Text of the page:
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A Growing Field: Scientific Knowledge to Aid Human Rights Efforts



AAAS’ Jessica Wyndham discusses need for candidates to outline their positions on scientific issues in advance of the 8 Nov. elections in an 11 Aug. interview on CNN en Espanol’s “Directo USA.” | Juan David Romero/AAAS

The fields of science, technology, engineering and medicine increasingly reach far beyond laboratories, inventions, creations and healing. 

Forensic anthropology, innovative genetic testing, statistical analysis and geospatial technology are some of the tools scientists use to collect evidence of mass executions, reunite children separated from their families, and track the destruction of cultural heritage sites in partnerships with non-profit organizations and human rights organizations dealing with atrocities unfolding across the globe.

Scientists representing an array of disciplines, engineers and medical professionals are being tapped to assist the organizations with the collection of objective, empirical evidence from mass graves, leveled villages, and forced resettlement areas. They are being called upon to document the destruction of historical treasures over time using geospatial technology.

Scientists are offering seminars for federal and administrative court judges on issues as varied as the neuroscience behind pain, drug addiction and the adolescent brain. AAAS is also working on a global survey from which it hopes to help articulate the social responsibilities of scientists and engineers.

The organization has also assembled some 1,000 scientists, engineers and medical professionals at the ready to work on pro-bono basis to help non-profits and human rights organizations on issues as varied as studying the potential for oil development in Kenya by examining unique geological conditions and assessing the potential for detrimental effects on local water quality.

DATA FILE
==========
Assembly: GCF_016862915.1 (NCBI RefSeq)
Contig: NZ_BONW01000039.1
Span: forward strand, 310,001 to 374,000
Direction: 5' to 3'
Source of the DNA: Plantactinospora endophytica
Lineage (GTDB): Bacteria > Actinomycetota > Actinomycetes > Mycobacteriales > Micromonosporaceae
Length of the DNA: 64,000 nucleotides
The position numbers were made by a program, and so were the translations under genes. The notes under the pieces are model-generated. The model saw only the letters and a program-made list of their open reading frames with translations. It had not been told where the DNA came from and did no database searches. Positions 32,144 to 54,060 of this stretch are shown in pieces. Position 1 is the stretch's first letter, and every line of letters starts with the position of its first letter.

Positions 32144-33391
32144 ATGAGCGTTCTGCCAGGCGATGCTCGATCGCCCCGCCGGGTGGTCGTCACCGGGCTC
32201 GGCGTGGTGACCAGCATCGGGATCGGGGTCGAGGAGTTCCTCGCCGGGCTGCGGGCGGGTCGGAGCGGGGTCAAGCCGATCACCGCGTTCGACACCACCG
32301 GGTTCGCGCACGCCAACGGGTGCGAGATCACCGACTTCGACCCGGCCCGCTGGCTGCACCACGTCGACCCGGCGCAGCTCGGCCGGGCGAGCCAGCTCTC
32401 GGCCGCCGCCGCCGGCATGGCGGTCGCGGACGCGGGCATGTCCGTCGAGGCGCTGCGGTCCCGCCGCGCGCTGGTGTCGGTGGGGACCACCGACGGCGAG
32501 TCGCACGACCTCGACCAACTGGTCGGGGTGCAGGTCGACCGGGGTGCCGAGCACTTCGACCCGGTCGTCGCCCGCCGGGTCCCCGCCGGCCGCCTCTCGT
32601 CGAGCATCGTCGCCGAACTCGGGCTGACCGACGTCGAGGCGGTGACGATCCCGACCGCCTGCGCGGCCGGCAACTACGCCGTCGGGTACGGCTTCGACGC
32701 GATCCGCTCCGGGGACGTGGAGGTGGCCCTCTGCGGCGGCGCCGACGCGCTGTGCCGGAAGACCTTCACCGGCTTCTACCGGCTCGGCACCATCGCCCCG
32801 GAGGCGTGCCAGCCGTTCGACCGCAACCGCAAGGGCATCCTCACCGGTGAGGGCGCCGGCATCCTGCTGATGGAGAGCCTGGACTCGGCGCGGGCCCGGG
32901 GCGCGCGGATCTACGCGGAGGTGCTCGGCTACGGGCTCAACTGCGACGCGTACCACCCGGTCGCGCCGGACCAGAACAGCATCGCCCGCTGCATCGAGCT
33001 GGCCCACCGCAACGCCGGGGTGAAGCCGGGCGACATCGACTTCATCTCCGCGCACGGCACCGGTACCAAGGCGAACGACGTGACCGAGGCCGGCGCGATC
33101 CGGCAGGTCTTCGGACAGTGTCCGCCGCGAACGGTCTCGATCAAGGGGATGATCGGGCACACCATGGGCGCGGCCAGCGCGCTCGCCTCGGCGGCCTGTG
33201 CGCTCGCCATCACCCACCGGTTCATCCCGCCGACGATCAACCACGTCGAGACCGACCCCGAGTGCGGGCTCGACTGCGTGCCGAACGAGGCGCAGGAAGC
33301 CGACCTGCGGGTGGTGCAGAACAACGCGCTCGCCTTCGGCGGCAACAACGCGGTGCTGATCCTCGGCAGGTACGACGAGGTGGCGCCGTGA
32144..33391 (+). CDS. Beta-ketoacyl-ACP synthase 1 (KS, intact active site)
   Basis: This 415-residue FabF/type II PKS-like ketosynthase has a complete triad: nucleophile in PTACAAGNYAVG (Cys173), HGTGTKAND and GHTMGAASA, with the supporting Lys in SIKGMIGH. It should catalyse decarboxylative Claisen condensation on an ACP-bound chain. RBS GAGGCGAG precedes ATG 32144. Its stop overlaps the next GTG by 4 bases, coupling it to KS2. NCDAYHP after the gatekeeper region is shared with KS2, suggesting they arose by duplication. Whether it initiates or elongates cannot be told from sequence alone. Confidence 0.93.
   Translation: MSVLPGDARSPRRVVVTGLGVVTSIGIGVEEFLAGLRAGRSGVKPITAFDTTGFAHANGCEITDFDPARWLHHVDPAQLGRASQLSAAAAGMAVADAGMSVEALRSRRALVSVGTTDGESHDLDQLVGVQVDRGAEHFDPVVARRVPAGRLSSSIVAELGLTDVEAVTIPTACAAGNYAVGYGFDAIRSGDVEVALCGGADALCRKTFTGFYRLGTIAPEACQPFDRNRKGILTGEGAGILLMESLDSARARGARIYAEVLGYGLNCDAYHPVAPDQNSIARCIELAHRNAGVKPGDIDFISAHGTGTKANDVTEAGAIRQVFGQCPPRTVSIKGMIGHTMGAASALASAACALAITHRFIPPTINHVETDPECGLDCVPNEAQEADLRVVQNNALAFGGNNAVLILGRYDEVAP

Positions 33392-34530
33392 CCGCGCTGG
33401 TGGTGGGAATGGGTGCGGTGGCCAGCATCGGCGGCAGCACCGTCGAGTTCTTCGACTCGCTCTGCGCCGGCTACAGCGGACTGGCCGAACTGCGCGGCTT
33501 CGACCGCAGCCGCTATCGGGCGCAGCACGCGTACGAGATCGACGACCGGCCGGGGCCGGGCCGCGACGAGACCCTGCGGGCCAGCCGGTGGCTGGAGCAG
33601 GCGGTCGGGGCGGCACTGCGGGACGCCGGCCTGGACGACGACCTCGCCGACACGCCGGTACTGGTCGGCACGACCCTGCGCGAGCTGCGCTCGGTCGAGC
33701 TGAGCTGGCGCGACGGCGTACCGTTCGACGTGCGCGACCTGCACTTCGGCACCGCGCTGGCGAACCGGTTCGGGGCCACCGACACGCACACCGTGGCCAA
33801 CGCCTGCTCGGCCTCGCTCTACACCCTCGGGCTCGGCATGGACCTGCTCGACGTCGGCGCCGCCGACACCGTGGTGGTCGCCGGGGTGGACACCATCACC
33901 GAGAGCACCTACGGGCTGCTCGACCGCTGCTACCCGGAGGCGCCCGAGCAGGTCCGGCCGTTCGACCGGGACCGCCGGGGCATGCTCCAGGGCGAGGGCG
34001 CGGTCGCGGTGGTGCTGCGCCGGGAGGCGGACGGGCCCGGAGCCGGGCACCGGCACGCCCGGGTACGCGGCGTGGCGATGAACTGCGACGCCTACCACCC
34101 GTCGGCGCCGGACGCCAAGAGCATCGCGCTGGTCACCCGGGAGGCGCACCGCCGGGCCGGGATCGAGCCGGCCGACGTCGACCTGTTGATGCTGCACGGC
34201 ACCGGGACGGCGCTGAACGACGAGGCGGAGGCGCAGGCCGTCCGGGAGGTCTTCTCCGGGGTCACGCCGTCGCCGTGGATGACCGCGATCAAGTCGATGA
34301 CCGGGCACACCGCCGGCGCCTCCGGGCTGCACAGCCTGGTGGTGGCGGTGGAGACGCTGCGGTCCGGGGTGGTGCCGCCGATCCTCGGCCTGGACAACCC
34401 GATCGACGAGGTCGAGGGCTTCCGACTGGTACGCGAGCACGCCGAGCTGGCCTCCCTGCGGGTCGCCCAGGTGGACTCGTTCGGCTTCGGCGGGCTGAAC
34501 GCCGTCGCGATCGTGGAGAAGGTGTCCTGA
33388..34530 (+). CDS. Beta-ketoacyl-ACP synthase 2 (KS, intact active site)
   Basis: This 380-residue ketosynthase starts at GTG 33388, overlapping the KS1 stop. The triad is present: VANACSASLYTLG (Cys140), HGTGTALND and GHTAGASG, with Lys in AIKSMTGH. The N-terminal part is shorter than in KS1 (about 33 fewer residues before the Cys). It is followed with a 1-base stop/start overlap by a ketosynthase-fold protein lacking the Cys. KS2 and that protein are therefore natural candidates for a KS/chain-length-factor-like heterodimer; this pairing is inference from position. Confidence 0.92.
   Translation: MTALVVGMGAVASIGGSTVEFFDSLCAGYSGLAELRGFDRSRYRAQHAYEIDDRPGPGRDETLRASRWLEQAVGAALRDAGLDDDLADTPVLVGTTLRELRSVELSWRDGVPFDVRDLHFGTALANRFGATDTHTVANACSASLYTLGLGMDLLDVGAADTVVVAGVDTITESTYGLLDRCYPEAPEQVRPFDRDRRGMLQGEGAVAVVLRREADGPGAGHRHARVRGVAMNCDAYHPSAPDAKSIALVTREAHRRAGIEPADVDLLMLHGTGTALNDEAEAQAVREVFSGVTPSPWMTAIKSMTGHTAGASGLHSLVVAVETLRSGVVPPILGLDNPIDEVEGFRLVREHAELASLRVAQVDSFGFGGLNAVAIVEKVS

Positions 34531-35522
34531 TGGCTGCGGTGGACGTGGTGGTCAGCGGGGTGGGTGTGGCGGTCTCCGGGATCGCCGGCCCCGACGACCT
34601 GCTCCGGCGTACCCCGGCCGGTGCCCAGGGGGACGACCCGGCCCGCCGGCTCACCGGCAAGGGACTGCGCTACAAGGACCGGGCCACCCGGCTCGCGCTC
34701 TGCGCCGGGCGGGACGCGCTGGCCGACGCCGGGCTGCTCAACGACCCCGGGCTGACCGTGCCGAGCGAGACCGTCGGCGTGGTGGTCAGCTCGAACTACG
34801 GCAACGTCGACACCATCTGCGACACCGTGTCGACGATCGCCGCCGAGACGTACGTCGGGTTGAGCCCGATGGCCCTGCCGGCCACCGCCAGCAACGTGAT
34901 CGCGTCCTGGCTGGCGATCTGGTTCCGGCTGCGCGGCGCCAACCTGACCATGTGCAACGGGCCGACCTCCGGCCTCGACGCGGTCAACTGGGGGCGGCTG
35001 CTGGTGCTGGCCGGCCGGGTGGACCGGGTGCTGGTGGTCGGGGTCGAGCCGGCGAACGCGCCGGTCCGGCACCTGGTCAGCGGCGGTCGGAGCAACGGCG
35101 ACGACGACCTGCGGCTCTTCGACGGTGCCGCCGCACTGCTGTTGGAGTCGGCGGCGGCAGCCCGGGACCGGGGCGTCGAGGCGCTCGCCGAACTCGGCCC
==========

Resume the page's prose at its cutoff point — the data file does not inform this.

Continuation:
In addition, scientific societies are collaborating to defend the human rights of scientists – some attacked for pursuing research topics that draw charged political opposition, a danger Sir Paul Nurse, the former president of Britain’s Royal Society, likened to “trying to rubbish the science” in an interview with The New York Times, others imprisoned for refusing to use their knowledge for destructive purposes.

Consider Omid Kokabee, a 34-year-old Iranian doctoral student, whose ordeal shows the power of scientific organizations joining together to apply international pressure to defend the human rights of scientists. Kokabee was granted parole – known as “conditional freedom” – and released from custody in Iran at the approval of the Iranian judiciary on 29 August after serving more than five years of a 10-year sentence, he confirmed in an email exchange. “There is no other condition and I am free to leave the country,” he said in an email.

Kokabee was arrested at the airport in Tehran in 2011 as he sought to return to the University of Texas at Austin where he was working on a PhD in physics. He was charged and eventually convicted of having “relations with a hostile government” and receiving “illegitimate” funds. Kokabee has said he was jailed for declining to assist the military with projects.

AAAS presented Kokabee with the 2014 Scientific Freedom and Responsibility Award in absentia “in recognition of his willingness to endure imprisonment rather than apply his scientific expertise for destructive purposes and for his efforts to provide hope and education to fellow prisoners,” said Alan Leshner, then AAAS CEO and executive publisher of Science in a letter to Ayatollah Khamenei requesting Kokabee’s release. The letter was co-signed by Kate Kirby, chief executive officer of the American Physical Society.

The American Physical Society had earlier awarded Kokabee its Adrei Sakharov Prize for “his courage in refusing to use his physics knowledge to work on projects that he deemed harmful to humanity.” The International Campaign for Human Rights in Iran, Amnesty International, the Committee of Concerned Scientists, Nobel laureates and other organizations publicly pressed for his release.

“Of course, AAAS’ 2014 Scientific Freedom and Responsibility Award helped me and all other people specially academics who were seeking my freedom in Iran,” he said. The award, he added, amplified his situation and helped rally international pressure “with much louder voice from one of the most well-known scientific societies in the world.”